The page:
Photographer: Mike Wilkinson/Bloomberg


Diageo Keeps Walking as Activists Push Consumer Giants on Profit

Updated on
  • Johnnie Walker sales grow as Americans embrace cocktail hour
  • Scotch gains in U.S., but Ciroc, Ketel One vodkas struggle

As activist investors stalk the world’s largest consumer giants, Diageo Plc is trying to stay ahead by lifting earnings, reducing expenses and accelerating a turnaround in mammoth brands such as Johnnie Walker whisky.

Benefits from productivity initiatives will continue in the second half and Diageo expects to make good progress toward a goal of expanding its profit margin, Chief Financial Officer Kathy Mikells said on a call. The shares rose after the company reported a 6 percent increase in first-half operating profit to 2.2 billion pounds ($3.1 billion), beating analyst estimates.

The maker of Smirnoff vodka and Guinness stout has joined companies such as Unilever and Nestle SA in cutting costs as private-equity firm 3G Capital and hedge-fund investors Nelson Peltz and Dan Loeb lobby for greater shareholder returns at consumer-goods giants wrestling with slow growth. Diageo is tapping the experience of Lion Capital LLP and Bacardi veteran Javier Ferran, who became chairman of the world’s largest distiller last year.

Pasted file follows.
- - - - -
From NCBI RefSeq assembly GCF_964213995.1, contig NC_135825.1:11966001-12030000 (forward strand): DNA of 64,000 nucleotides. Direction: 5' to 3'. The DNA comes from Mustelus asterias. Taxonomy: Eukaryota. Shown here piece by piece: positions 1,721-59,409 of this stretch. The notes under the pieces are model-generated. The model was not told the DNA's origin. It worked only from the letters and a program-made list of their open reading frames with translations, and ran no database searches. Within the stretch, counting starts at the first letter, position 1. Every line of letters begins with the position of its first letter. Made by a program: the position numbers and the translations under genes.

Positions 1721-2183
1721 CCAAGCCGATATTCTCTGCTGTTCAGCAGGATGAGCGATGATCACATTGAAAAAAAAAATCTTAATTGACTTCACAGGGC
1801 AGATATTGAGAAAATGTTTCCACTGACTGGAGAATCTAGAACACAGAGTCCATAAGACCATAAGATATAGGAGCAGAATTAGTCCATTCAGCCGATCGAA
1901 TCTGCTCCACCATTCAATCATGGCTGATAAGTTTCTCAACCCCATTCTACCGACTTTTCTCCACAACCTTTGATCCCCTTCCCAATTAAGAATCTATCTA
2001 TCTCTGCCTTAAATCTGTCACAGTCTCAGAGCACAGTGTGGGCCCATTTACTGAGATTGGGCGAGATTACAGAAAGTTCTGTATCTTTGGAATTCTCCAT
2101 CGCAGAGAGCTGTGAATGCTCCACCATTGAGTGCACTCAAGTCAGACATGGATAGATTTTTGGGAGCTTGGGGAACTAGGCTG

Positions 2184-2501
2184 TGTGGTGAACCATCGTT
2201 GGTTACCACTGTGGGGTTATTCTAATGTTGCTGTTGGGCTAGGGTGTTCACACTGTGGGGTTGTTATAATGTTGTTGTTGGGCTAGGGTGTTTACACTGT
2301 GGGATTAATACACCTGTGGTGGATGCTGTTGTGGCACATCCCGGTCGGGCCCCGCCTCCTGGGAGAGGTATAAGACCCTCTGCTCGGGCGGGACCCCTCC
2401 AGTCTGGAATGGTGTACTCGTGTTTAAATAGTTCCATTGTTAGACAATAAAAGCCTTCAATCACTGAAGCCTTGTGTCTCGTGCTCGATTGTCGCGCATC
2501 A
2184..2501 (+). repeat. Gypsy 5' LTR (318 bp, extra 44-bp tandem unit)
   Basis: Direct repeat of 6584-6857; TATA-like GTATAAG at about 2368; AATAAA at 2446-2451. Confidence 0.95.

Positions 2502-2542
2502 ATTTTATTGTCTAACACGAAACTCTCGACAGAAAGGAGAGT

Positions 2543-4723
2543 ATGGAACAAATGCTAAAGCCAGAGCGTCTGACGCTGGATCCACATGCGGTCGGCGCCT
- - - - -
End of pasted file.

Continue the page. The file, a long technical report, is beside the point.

“Diageo is a business in change, with catalysts provided by Chairman Ferran and the perceived threat of 3G,” Jefferies analyst Ed Mundy wrote in a note. “We see a perfect blend of productivity and top-line growth.”

Diageo’s organic net sales rose 4.2 percent in the six months ended Dec. 31, topping the 3.7 percent median analyst estimate, the London-based company said in a statement Thursday. Americans leading a revival of the classic cocktail boosted sales of brands such as Johnnie Walker, Bulleit bourbon and Don Julio tequila in North America, Diageo’s largest region for revenue.

“Diageo is much fitter,” Chief Executive Officer Ivan Menezes said in an interview with Bloomberg TV. “Our productivity program is driving well.”

Other highlights include:

  • The shares rose as much as 2.3 percent, the most since August
  • Diageo warned that exchange-rate movements for the year ending June 30 will cut net sales by around 460 million pounds and operating earnings by about 60 million pounds
  • Vodka sales in North America were a sore point, falling 8 percent amid weak demand for the Ciroc and Ketel One brands
  • Diageo reiterated its commitment to delivering consistent mid-single-digit top-line growth and 175 basis points of organic operating margin improvement in the three years ending June 2019
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